I’ve been on a diet recently, and I thought I would share my recent findings. This diet is based on the idea that it’s important to avoid processed foods and eat a lot of fresh vegetables, fruits, and whole grains. I’ve been noticing that when I eat this way, I feel a lot healthier, and I don’t get the same cravings for junk foods that I normally get.

Food is an important part of our lives. We eat for a multitude of reasons, some of which we may not have known. We eat to enjoy life, to help us relax, to feed our emotions, to boost our energy, to build our strength, to slow down aging, to heal ourselves, to switch off our brain and to stay focused. And we know what we eat can affect how we feel.

I had a big breakfast, but by lunchtime, I started getting hungry again. It was a battle all day long between my stomach and my brain. This battle is made even more difficult when a busy work day gets ahead of you, and all you want is a simple snack that can tide you over until dinner. If you are like me, you probably struggle with snacking all the time, and have the constant urge to eat more when you’re not hungry. What’s the solution? The key to avoiding hunger, and losing weight, is to stick to your diet.. Read more about good food and bad food list and let us know what you think.

I’m always fascinated by what others consider to be “excellent” and “bad” cuisine. Food that is “healthy” and food that is “guilty.” There are two types of food: “lean” and “fat.”

Some people despise bread. And anybody who can eat bread isn’t really healthy.

Eggs are disliked by certain people. And anybody who can eat eggs isn’t very healthy.

Meat is unappealing to some people. And anybody who thinks they can eat meat is unhealthy.

Alcohol may be harmful to certain people. And anybody who is capable of consuming alcohol is unhealthy.

Carbs may be harmful to certain people. And anybody who can consume carbohydrates is unhealthy.

Soy foods are disliked by certain people. And anybody who can eat soy isn’t very healthy.

And the list keeps going…and going…and going.

There really isn’t such a thing as terrible food.

When it comes to this mindset, there are a few things that astonish me.

To begin with, there are very few meals that can be classified as either good or harmful. It’s essential to remember, as I stated in a previous article, that most foods don’t have an intrinsic “goodness” or “badness” in their chemical composition.

Rather, it is our own physiological environment that determines how food responds in our bodies.

If you have renal illness, for example, a high protein diet is generally not good for you. However, if your kidneys are in excellent shape and you exercise frequently, a high protein diet is definitely beneficial to you.

Similarly, if you have liver problems, drinking alcohol is generally not a good idea. Moderate alcohol use, on the other hand, is definitely beneficial for you if you have a healthy liver and borderline high cholesterol.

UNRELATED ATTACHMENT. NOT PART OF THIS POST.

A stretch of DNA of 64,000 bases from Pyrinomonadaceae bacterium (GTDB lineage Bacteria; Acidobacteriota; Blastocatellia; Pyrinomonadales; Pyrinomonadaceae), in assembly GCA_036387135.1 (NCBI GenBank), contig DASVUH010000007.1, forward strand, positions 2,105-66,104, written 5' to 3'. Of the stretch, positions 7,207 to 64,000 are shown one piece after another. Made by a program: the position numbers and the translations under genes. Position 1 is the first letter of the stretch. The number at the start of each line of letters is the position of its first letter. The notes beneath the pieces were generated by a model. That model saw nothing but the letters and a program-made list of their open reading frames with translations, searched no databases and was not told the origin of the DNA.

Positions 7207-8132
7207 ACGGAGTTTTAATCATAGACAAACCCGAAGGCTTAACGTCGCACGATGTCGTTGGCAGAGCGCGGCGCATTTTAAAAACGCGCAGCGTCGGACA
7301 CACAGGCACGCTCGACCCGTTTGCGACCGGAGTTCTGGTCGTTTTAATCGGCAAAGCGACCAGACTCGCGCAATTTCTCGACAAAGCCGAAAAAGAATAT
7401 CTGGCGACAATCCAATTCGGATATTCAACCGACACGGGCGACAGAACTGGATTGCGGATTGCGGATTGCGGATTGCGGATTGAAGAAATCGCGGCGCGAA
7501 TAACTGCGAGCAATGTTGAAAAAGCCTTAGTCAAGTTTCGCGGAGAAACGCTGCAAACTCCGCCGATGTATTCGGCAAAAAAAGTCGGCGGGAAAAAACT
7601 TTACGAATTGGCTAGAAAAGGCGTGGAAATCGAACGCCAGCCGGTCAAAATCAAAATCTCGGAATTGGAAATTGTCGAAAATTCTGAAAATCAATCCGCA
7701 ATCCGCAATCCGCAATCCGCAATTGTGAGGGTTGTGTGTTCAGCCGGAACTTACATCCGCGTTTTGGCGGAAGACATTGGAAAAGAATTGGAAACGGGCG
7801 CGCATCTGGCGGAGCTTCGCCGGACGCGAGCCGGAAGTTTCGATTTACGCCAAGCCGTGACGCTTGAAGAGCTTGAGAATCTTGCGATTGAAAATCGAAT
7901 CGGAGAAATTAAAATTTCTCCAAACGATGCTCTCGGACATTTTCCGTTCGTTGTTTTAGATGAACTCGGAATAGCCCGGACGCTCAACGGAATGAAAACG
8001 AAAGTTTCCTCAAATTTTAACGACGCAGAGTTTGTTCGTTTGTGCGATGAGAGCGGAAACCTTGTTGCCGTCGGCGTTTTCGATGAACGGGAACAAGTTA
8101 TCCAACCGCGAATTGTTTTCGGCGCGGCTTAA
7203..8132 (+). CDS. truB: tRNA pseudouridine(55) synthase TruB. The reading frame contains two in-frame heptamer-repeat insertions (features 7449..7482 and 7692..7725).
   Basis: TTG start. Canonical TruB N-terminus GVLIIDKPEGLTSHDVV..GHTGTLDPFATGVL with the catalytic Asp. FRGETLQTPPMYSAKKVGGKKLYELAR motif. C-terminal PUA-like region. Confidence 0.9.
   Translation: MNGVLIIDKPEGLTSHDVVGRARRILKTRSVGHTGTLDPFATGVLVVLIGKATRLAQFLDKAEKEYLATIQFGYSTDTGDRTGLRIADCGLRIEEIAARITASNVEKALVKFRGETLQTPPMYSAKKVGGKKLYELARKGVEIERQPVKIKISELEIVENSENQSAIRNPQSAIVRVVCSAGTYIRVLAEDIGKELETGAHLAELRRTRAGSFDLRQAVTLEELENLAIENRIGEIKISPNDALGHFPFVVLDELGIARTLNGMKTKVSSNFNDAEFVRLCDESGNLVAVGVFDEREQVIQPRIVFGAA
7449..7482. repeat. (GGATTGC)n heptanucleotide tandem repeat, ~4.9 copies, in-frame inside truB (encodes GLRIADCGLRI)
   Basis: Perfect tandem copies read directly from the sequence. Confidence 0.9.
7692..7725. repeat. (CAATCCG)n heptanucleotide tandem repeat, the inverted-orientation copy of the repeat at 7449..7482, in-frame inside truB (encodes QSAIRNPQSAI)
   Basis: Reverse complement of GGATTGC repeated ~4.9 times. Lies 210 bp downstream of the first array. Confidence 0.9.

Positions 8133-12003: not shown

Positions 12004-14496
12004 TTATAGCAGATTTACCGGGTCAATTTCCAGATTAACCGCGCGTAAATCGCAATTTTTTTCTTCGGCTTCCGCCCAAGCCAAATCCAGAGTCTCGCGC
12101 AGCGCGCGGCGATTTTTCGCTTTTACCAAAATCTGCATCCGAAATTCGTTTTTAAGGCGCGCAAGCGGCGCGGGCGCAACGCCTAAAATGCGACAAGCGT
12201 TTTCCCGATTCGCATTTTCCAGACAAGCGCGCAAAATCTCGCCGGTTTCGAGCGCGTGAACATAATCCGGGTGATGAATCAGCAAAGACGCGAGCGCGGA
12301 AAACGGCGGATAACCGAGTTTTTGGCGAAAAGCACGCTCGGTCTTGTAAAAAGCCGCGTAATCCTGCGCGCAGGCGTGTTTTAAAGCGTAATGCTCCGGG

Make no doubt about it. Some foods aren’t very good for your health. Artificial foods, artificial additives, and artificial components, such as trans fats.

(The body isn’t sure how to deal with these relatively new chemical structures, particularly in big quantities.) As a result, terrible things happen.)

Gross overconsumption isn’t a good idea either, especially with 100 percent natural meals. Consider vegans who consume soy as their only source of protein throughout the day. Take, for example, bodybuilders who eat canned tuna for the 16 weeks leading up to a competition.

Tuna and soy meals are, without a doubt, natural. And, when consumed in moderation, they may help you maintain a nutritious diet. But bear in mind that there’s always the issue of moderation to consider.

Even a good item may quickly turn terrible if there is too much of it.

But only if it’s good for you.

So, if you stick to natural foods (those you aren’t allergic to) and consume them in moderation, your body will do a great job of digesting them and putting them to good use. But only if it’s good for you.

Whole eggs, for example, may be helpful in the body’s environment. Because the eggs are introducing the following to a healthy, well-functioning physiology, this is the case.

  • Calories of good quality,
  • proteins in their entirety,
  • minerals and vitamins
  • a little saturated fat to balance out the other fats in your diet, and
  • Cholesterol is required for proper hormone synthesis.

Eggs, on the other hand, may be hazardous in the milieu of a sick body.

  • This is because the person’s cholesterol levels may already be high, their dietary fat intake is probably out of balance, they may be overweight and require fewer calories, and their insulin levels are high from eating too many carbohydrates and sugars, causing fat to be stored in fat cells rather than burned for energy.
  • Furthermore, the liver may be damaged, and the cholesterol may not be processed properly.
  • Furthermore, their GI tract may be injured, resulting in inadequate protein absorption – or undetected protein absorption – neither of which is ideal.

As you can see, the same egg has various outcomes. That is to say, it isn’t the egg itself. It is into this milieu that the proteins and lipids of the egg are delivered.

It’s not the fault of the egg.

Finally, given the plethora of variables that influence how a meal reacts in your body, it’s critical to see food in a new light.